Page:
In January 2011, the SEC adopted Final Rules on “say-on-pay” under Section 951 of the Dodd Frank Act. These rules provide, among other things, that public companies must provide shareholders with advisory votes on the compensation of named executive officers (NEOs).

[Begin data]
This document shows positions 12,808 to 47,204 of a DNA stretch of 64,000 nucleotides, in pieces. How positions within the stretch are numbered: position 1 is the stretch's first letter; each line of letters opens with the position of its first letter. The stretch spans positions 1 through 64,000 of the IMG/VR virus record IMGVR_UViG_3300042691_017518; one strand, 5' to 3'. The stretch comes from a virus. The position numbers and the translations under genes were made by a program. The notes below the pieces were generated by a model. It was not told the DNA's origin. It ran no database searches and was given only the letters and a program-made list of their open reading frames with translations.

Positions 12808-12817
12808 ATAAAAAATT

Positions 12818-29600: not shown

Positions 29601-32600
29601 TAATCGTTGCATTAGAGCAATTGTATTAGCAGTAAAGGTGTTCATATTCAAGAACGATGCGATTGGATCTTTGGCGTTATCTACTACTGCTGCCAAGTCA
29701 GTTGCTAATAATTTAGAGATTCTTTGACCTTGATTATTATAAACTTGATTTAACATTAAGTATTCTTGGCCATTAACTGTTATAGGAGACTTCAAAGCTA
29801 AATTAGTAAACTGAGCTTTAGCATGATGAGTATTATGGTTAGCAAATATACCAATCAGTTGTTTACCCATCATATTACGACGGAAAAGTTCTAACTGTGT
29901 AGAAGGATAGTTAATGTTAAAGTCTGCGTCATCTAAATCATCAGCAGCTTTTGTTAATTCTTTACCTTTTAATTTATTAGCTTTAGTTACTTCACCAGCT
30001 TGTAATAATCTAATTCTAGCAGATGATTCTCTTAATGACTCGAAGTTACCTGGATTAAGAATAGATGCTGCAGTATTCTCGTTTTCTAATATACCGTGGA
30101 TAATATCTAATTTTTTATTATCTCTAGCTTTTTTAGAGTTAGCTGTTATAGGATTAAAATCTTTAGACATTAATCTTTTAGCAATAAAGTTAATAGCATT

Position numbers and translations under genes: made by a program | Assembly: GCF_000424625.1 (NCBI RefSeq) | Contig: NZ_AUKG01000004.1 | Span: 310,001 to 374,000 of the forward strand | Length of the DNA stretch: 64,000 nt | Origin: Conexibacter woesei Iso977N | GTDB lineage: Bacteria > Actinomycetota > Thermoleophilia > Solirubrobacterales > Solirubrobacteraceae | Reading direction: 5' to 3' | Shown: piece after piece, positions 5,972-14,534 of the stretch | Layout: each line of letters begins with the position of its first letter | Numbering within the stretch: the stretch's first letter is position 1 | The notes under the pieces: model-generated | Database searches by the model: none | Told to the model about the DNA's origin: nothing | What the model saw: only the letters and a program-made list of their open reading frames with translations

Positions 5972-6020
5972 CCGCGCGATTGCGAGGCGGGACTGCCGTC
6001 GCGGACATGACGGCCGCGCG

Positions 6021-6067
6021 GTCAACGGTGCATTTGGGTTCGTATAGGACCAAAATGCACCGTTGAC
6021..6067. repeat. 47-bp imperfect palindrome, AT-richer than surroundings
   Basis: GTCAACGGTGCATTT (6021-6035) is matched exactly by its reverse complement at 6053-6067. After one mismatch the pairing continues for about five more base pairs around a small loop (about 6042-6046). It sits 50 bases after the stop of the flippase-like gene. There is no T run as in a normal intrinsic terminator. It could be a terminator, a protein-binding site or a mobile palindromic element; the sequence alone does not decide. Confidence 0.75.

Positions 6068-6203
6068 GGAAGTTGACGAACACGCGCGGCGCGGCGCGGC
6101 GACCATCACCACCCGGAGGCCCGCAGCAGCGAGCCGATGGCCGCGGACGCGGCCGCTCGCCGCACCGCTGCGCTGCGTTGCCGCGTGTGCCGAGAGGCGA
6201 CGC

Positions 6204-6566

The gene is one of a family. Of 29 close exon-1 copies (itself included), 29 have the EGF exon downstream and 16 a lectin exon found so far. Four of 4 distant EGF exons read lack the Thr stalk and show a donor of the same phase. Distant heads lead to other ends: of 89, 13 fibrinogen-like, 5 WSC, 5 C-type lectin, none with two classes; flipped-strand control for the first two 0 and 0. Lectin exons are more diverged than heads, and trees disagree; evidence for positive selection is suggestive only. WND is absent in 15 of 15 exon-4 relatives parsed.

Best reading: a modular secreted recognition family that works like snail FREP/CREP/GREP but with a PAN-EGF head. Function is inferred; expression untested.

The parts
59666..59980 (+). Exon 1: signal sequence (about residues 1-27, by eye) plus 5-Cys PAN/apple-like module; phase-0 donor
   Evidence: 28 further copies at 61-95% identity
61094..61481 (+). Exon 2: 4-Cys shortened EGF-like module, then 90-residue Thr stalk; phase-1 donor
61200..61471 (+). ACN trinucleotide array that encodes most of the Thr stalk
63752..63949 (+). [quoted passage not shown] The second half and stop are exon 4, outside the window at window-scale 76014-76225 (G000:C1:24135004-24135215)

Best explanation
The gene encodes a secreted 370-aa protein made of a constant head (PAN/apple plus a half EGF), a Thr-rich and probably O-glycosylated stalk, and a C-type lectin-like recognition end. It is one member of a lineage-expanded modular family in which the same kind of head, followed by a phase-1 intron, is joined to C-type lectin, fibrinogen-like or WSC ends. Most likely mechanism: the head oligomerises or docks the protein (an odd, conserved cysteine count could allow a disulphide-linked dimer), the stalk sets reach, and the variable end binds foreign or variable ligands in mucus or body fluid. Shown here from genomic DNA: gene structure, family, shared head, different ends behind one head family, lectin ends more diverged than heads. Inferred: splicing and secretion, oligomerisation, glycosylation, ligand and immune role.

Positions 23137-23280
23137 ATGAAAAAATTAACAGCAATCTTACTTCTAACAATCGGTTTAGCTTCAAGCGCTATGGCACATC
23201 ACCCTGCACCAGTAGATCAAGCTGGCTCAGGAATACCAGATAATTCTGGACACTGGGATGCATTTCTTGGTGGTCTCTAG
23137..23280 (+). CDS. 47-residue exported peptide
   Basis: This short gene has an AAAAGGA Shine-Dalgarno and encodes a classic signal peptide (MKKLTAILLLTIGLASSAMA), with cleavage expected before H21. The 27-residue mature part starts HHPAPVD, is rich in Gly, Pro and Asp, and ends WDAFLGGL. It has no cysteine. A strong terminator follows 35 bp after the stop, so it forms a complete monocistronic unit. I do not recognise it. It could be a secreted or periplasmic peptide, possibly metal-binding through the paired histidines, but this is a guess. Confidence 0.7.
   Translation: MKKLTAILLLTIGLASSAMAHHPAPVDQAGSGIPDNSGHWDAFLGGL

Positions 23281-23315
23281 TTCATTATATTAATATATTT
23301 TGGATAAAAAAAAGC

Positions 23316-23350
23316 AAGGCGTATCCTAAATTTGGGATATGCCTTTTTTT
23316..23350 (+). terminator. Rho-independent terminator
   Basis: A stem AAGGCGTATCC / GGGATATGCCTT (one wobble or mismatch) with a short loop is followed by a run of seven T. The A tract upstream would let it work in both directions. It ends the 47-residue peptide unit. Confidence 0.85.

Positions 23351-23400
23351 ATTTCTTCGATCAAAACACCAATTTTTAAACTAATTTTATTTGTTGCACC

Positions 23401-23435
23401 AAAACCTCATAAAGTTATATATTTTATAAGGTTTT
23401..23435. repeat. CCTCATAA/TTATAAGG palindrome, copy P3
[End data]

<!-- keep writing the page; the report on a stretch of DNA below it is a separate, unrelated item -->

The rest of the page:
A troubling development is that lawsuits are following in the wake of shareholder “no” votes on say-on-pay. In the past year, there have been at least six notable shareholder derivative lawsuits in which plaintiffs have argued that shareholders’ “disapproval” of a company’s executive compensation plan supports claims that the directors breached their fiduciary duties when they approved the plans, and that the directors are therefore personally liable for damages to the company resulting from allegedly excessive compensation payments to NEOs. Compensation consulting firms that provided advice to the directors have also been named as defendants in these lawsuits.
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